The critic who touts his ignorance as a virtue should not have a job as a critic. Â Any “news” publication that employs such a person in this capacity is shirking its responsibility to provide well-informed discourse.
So, then. Â Why would Time magazine or the New York Times employ Joel Stein?
In his “Adults Should Read Adult Books,” Mr. Stein writes,
The only thing more embarrassing than catching a guy on the plane looking at pornography on his computer is seeing a guy on the plane reading “The Hunger Games.” Or a Twilight book. Or Harry Potter. The only time I’m O.K. with an adult holding a children’s book is if he’s moving his mouth as he reads.
Stein defends his position by admitting that he has not read the works he disparages:
I have no idea what “The Hunger Games” is like. Maybe there are complicated shades of good and evil in each character. Maybe there are Pynchonesque turns of phrase. Maybe it delves into issues of identity, self-justification and anomie that would make David Foster Wallace proud. I don’t know because it’s a book for kids. I’ll read “The Hunger Games” when I finish the previous 3,000 years of fiction written for adults.
And so readers of the TimesÂ are left to wonder: why publish the words of a man who has not done his homework? Â Is merely showing up now all that’s required to get an “A”? Â If I received a paper as poorly argued as this, I would give it a poor grade. Â However, having read Mr. Stein’s piece, I wonder if, in future, I should instead suggest that the student submit the paper to the Times‘ “Room for Debate” section.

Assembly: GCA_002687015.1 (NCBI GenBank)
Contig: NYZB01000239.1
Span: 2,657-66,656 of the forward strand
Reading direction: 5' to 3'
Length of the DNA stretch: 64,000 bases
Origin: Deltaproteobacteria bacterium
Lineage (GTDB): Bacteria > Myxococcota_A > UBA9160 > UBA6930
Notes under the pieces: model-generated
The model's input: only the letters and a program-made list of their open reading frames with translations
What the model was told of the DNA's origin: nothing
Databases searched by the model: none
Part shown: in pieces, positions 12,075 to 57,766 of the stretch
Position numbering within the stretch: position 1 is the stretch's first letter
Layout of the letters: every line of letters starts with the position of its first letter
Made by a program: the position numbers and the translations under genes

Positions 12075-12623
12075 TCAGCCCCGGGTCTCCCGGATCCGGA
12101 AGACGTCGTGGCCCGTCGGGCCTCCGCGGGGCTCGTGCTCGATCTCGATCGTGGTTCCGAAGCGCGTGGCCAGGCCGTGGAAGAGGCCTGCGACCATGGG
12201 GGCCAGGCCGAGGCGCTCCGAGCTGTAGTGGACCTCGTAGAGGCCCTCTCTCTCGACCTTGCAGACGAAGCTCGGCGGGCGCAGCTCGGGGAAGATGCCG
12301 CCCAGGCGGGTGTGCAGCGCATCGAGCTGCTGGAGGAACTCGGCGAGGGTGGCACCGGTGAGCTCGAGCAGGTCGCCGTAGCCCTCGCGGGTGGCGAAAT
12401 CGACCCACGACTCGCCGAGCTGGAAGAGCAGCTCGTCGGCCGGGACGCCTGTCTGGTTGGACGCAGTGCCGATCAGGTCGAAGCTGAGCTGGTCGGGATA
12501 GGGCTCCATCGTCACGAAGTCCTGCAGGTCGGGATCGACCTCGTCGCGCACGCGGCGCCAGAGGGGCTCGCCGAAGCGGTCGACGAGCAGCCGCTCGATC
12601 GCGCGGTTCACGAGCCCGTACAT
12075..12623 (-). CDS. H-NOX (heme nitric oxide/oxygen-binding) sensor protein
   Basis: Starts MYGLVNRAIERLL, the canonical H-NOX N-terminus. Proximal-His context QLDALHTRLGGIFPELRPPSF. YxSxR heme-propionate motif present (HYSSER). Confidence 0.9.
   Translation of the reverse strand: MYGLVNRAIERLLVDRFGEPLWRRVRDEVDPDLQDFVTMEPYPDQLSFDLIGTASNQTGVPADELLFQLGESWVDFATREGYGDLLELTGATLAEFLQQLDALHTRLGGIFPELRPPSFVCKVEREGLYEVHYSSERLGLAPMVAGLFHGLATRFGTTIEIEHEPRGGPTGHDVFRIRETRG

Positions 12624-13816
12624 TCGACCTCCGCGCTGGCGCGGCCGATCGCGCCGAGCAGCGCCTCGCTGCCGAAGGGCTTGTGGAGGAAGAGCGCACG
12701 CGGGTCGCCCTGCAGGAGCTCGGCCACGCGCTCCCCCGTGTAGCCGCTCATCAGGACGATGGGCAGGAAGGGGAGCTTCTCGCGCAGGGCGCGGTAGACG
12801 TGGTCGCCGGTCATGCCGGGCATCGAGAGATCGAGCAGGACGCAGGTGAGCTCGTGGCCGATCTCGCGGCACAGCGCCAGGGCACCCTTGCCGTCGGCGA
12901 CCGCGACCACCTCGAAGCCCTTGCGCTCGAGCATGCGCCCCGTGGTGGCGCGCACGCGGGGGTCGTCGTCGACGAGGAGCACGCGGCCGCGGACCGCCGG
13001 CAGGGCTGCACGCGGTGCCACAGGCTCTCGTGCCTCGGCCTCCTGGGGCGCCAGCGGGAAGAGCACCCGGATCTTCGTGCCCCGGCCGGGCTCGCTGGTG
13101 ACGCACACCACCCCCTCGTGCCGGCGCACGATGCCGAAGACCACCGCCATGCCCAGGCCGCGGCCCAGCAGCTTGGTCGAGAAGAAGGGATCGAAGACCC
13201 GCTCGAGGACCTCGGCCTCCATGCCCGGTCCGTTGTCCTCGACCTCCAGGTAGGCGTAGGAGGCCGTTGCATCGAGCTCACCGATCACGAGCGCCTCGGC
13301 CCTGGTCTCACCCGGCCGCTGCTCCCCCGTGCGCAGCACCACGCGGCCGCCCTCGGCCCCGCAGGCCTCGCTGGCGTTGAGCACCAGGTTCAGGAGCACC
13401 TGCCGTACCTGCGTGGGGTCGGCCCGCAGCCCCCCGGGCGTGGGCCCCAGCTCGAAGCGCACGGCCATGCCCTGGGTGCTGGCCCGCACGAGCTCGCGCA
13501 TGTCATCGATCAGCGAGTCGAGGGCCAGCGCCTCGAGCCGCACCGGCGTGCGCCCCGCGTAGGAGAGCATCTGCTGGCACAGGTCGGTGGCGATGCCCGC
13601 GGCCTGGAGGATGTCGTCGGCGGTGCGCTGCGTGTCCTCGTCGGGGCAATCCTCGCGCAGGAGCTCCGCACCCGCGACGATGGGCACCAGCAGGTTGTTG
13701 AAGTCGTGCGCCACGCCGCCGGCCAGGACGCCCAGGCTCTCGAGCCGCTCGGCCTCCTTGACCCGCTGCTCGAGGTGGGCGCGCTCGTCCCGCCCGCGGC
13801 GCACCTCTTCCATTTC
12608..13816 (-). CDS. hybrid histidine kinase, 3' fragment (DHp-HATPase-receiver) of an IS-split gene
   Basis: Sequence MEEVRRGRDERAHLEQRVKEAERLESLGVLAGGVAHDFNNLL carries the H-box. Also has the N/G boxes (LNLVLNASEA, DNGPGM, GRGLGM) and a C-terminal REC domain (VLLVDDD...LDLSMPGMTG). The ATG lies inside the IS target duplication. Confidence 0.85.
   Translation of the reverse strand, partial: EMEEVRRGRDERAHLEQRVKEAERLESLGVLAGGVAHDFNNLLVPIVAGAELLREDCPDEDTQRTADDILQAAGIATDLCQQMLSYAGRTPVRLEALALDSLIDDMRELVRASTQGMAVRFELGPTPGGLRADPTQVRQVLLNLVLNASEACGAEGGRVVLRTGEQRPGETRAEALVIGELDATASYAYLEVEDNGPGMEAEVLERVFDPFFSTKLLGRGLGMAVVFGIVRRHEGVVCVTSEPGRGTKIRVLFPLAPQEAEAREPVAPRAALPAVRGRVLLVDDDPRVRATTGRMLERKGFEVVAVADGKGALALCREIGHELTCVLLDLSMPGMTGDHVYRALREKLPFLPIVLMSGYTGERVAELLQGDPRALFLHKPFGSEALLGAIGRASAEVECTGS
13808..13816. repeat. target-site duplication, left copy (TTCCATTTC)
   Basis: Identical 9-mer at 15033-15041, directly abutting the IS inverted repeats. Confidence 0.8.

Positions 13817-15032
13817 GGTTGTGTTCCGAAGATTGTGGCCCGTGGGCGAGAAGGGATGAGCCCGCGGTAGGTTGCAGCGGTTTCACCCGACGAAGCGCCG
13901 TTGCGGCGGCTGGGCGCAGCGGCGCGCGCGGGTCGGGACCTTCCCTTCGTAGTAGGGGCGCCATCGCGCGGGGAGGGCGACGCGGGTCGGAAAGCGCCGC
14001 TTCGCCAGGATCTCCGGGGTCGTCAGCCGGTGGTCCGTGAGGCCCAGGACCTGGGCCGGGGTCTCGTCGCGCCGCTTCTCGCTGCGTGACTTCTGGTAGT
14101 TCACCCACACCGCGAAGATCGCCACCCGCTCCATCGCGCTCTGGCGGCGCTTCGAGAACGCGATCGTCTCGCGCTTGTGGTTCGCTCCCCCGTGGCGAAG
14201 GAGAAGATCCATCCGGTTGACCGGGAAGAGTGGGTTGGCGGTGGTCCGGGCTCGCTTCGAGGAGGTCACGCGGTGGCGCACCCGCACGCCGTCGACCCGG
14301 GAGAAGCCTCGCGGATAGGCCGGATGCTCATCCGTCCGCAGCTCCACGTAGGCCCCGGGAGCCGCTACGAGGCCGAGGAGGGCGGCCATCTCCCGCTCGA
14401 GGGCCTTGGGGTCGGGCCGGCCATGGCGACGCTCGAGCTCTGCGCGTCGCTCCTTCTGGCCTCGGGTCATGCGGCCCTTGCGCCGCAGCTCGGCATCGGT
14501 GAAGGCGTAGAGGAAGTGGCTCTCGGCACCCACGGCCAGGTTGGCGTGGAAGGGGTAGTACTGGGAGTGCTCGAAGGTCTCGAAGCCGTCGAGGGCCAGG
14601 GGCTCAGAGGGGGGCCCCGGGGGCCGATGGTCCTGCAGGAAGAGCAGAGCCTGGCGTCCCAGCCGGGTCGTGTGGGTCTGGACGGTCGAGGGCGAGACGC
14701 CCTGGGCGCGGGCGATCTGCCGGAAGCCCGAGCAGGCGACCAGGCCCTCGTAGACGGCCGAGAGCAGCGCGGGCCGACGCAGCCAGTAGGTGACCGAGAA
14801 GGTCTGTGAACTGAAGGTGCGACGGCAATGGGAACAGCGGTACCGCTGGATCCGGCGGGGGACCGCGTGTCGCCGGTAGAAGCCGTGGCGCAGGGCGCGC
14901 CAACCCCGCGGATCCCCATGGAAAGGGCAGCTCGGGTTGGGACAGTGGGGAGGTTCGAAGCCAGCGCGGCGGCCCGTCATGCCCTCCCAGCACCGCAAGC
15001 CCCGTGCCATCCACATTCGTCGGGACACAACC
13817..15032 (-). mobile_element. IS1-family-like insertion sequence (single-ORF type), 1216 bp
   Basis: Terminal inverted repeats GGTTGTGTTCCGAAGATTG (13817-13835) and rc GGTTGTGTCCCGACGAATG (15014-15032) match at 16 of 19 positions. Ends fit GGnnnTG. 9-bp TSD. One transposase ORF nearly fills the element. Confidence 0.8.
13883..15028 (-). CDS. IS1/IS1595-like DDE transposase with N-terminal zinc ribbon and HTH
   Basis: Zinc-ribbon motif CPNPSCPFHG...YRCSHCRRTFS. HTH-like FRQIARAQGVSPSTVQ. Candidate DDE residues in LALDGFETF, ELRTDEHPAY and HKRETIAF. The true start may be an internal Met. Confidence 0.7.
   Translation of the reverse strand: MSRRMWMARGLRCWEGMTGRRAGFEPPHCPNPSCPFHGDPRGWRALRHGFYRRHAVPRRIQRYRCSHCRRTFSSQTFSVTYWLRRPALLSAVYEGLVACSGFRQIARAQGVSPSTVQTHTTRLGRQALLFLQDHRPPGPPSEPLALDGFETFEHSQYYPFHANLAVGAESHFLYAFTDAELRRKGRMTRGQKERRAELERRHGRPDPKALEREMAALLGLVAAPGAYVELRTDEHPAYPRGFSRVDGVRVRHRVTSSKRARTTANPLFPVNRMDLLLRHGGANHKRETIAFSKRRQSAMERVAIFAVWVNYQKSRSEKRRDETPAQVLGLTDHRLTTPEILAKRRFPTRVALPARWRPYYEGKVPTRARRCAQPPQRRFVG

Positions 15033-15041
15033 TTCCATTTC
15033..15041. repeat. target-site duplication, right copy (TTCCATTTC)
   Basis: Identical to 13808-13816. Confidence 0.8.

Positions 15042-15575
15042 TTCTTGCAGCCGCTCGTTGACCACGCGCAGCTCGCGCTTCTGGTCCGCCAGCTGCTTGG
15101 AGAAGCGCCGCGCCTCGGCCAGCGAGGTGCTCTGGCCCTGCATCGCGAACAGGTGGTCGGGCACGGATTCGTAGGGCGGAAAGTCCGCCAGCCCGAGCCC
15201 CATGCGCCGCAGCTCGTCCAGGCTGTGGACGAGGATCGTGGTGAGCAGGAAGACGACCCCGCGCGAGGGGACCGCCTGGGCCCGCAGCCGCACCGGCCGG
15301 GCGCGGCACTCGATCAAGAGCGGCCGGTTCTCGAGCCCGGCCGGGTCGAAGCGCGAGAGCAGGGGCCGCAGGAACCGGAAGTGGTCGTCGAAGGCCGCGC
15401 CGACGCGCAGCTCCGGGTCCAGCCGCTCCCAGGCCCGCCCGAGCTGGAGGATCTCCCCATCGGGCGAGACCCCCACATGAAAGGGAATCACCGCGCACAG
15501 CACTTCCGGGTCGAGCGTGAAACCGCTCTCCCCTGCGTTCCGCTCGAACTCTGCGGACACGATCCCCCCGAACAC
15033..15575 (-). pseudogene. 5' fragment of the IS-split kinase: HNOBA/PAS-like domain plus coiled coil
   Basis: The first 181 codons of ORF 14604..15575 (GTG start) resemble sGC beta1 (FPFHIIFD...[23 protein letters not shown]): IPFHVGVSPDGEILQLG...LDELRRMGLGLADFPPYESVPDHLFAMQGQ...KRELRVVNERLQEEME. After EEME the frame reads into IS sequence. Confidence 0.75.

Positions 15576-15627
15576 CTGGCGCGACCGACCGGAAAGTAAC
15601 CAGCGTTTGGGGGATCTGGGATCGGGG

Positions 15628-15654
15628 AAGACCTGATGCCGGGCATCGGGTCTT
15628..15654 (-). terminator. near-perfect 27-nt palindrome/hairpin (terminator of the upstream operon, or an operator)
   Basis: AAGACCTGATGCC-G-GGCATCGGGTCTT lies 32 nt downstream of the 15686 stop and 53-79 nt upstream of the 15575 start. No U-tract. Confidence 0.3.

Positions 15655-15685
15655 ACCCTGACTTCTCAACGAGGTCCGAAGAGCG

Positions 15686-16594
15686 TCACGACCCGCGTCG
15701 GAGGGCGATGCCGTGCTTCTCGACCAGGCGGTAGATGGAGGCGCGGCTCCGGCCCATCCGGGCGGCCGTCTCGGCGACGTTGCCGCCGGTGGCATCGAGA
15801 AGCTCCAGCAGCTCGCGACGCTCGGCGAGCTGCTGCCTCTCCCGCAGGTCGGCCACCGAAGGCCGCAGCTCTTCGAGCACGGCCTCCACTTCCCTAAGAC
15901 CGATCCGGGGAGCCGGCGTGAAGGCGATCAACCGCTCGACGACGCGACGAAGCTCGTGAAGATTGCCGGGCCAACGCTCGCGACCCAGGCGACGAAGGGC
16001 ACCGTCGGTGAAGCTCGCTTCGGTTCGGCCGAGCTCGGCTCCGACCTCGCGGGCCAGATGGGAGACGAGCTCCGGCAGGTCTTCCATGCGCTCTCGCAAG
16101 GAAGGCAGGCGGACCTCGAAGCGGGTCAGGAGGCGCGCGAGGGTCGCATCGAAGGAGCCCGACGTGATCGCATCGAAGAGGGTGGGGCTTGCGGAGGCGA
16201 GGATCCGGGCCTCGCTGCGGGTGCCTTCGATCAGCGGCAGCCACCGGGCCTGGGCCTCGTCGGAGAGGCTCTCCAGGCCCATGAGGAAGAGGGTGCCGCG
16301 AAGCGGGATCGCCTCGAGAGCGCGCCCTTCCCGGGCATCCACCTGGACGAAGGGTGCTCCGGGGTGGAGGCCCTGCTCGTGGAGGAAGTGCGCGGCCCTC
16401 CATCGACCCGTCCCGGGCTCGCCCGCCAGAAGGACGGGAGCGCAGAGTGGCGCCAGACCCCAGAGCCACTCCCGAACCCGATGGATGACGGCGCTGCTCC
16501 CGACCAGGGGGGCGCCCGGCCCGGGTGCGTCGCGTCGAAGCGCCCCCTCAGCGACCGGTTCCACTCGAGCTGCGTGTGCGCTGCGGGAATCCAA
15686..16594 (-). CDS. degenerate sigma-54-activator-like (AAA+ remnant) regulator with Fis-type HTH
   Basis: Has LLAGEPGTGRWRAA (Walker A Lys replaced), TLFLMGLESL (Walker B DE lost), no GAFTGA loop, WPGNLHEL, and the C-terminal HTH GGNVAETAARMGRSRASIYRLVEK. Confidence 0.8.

The New York Times‘ motto used to be “All The News That’s Fit to Print.” Â Reading Mr Stein’s piece, one wonders if the paper has changed its motto to “Anything That Fits in Print.” Or perhaps it simply holds its “Room for Debate” writers to a lower standard.
It’s worth having a debate about the aesthetic merits of literary works of all genres and for all age groups. Let’s talk about Suzanne Collins, Thomas Pynchon, Dr. Seuss, J. K. Rowling, Philip Pullman, Virginia Woolf, Charles M. Schulz, Maurice Sendak, Herman Melville, Margaret Wise Brown, Art Spiegelman, Toni Morrison, M.T. Anderson, George Herriman, Shaun Tan, and Langston Hughes. Â We should embrace arguments about taste and literary merit. Â These are important conversations to have. Â We are unlikely to arrive at a consensus on a canon of “great works,” but we can come to a better understanding of the mercurial standards of taste, and our own relationship to those standards.
However, an intelligent conversation requires that we, first, read the works under discussion. Given that Joel Stein fails to meet even so basic a standard as this, his continued employment as a professional journalist is baffling. So,Â New York TimesÂ and Time: surely, you can do better than this?
To give credit where it’s due, this brief post takes its inspiration from a conversation today on Jane Yolen‘s Facebook page, whereÂ Kevin Andrew Murphy wrote: “But the sin of Stein and [Ginia] Bellafante is not that they wrote scathing reviews, but that they wrote scathing reviews preening in their own ignorance and claiming it as a virtue.”
Image from “Who’s wearing the dunce cap? This girl” at LovelyGirls.
Krystal Wade (@KrystalWade)